It is understood the department has sought clarification as police continue to examine 12 gatherings.
16 February 2022
The Cabinet Office has sought to clarify with the Metropolitan Police whether it will publish more than 300 photos received as part of the inquiry into alleged parties in Downing Street and across Whitehall.
The force is unlikely to reveal the names of any individuals hit with fines linked to the 12 gatherings under investigation, as the identity of people issued with a fixed-penalty notice (FPN) is not usually disclosed by police.
It is understood the Cabinet Office is now seeking to clarify whether the photos sent to the Met as part of its inquiry will be made public, given that they could potentially identify those involved.
The Met declined to comment, and it is not thought the Cabinet Office has yet received a response to its query.
More than 300 photos and 500 pages of information were given to the force by the Cabinet Office last month.
ITV News reported the query was lodged by the department’s liaison unit, which is separate to senior civil servant Sue Gray’s investigations team.
The Cabinet Office said it will not comment on an ongoing investigation.
It follow reports that a Q&A sheet was sent by the liaison unit to Government officials caught up in the inquiry, detailing certain aspects of what information will and will not be published by the police over the course of their investigation.
The document, cited by The Daily Telegraph, reportedly suggests the number of fines issued for the alleged parties – if any – will be made public by the Met.
Scotland Yard is also expected to publish its reasons for issuing any tickets, according to the advice sheet.
However, officials were reportedly told the names of those receiving FPNs – if such fines are imposed – will not be revealed and their details will not be shared with the Civil Service.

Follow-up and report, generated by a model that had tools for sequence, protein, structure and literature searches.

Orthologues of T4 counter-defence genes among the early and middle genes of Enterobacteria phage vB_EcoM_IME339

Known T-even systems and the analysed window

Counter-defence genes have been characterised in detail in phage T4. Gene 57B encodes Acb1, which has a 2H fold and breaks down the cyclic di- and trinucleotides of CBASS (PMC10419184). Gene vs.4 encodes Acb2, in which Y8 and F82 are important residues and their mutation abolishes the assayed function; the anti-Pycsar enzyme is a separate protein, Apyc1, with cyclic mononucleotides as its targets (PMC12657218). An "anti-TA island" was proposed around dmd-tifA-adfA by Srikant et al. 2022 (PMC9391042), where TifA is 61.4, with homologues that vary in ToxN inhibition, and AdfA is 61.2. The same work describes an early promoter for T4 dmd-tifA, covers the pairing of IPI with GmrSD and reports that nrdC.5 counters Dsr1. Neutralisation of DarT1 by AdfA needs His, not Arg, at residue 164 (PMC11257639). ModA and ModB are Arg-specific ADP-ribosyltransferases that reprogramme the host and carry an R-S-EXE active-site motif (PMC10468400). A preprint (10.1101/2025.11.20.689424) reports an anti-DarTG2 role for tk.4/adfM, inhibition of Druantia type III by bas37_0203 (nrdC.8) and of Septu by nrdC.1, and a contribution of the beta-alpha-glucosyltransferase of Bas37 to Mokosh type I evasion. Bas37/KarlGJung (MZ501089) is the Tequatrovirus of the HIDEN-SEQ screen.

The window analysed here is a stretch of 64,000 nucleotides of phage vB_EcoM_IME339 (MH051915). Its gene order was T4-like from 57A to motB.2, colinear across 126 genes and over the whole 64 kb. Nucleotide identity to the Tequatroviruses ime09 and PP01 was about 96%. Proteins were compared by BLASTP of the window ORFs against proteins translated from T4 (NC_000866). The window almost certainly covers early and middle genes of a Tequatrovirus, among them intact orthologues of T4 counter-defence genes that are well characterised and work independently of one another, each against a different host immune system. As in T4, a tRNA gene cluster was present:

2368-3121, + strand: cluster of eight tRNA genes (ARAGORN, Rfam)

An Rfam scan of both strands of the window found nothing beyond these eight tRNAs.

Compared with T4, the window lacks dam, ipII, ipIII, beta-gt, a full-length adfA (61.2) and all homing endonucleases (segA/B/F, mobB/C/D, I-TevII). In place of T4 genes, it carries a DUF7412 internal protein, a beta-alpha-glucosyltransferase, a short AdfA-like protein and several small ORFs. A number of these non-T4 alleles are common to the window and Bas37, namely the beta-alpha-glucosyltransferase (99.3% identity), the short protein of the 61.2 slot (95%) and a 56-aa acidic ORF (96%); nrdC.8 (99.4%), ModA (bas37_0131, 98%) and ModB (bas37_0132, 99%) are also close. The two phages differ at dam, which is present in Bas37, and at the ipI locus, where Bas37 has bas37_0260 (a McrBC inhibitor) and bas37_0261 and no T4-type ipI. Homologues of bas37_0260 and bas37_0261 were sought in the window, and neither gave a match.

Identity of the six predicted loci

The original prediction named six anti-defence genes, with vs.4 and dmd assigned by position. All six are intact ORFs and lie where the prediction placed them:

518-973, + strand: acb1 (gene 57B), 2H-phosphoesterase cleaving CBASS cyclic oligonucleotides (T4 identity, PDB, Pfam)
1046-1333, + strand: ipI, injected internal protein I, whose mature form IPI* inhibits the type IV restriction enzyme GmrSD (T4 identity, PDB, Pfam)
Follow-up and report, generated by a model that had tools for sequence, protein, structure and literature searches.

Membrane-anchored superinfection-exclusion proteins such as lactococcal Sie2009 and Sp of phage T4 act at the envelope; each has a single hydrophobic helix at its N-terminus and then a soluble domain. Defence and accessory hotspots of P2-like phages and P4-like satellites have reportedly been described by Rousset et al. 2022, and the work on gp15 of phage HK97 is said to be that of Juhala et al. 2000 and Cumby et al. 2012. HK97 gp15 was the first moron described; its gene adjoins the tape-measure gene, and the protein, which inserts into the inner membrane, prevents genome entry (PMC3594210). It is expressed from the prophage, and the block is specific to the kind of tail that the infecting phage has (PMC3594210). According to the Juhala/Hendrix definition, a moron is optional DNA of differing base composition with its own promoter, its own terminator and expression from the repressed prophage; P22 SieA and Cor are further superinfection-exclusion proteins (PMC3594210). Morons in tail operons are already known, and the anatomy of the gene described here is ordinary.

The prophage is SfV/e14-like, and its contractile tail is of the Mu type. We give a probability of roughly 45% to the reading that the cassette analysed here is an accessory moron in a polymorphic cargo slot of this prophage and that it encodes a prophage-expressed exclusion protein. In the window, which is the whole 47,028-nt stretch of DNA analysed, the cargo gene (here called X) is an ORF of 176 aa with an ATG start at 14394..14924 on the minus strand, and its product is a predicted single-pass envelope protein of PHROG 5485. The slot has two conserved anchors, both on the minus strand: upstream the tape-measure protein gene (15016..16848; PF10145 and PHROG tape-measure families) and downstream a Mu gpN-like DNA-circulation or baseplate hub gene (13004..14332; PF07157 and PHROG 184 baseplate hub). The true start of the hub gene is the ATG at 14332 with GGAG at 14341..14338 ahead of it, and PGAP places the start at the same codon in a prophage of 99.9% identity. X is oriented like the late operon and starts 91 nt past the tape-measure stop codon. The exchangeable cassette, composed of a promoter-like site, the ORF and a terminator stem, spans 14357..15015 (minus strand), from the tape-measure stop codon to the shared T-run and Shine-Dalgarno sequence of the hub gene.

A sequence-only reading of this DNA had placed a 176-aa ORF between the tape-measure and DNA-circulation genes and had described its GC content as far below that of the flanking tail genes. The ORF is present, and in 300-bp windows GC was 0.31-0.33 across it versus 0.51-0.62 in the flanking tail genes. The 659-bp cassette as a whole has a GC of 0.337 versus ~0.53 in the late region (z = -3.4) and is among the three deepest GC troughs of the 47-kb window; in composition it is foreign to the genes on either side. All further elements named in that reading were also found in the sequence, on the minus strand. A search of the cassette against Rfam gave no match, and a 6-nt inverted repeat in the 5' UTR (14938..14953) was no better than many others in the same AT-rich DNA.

The Met confirmed a document had been drawn up by the Cabinet Office to brief staff and it was “consulted on those aspects relevant to its investigation and legal processes”.
Meanwhile, it has been reported that the Prime Minister is working with a personal lawyer on his response to the police investigation.
According to ITV News, Mr Johnson’s legal advisers believe that if he can prove he did not get drunk at any of the events he allegedly attended, and resumed normal prime ministerial duties afterwards, he may be able to make the case they were part of his working day.
The PM previously admitted he was present for 25 minutes at the notorious “bring your own booze” gathering in the Downing Street garden in May 2020, but said he thought it was a “work event” to thank staff for their efforts during the pandemic.
Downing Street has also admitted staff “gathered briefly” in the Cabinet Room in June 2020 in what was reportedly a surprise get-together for the Prime Minister.
The Met has sent a questionnaire to approximately 50 people as it conducts its inquiry, titled Operation Hillman, which is examining whether Covid restrictions were broken in Downing Street and across Whitehall.
Mr Johnson received his questionnaire on Friday. Downing Street has since said his responses will not be made public.
Asked about reports the PM requested that police write directly to his lawyer, rather than to him, No 10 said on Monday it would not get into any more detail about “what legal advice the Prime Minister has or hasn’t received”.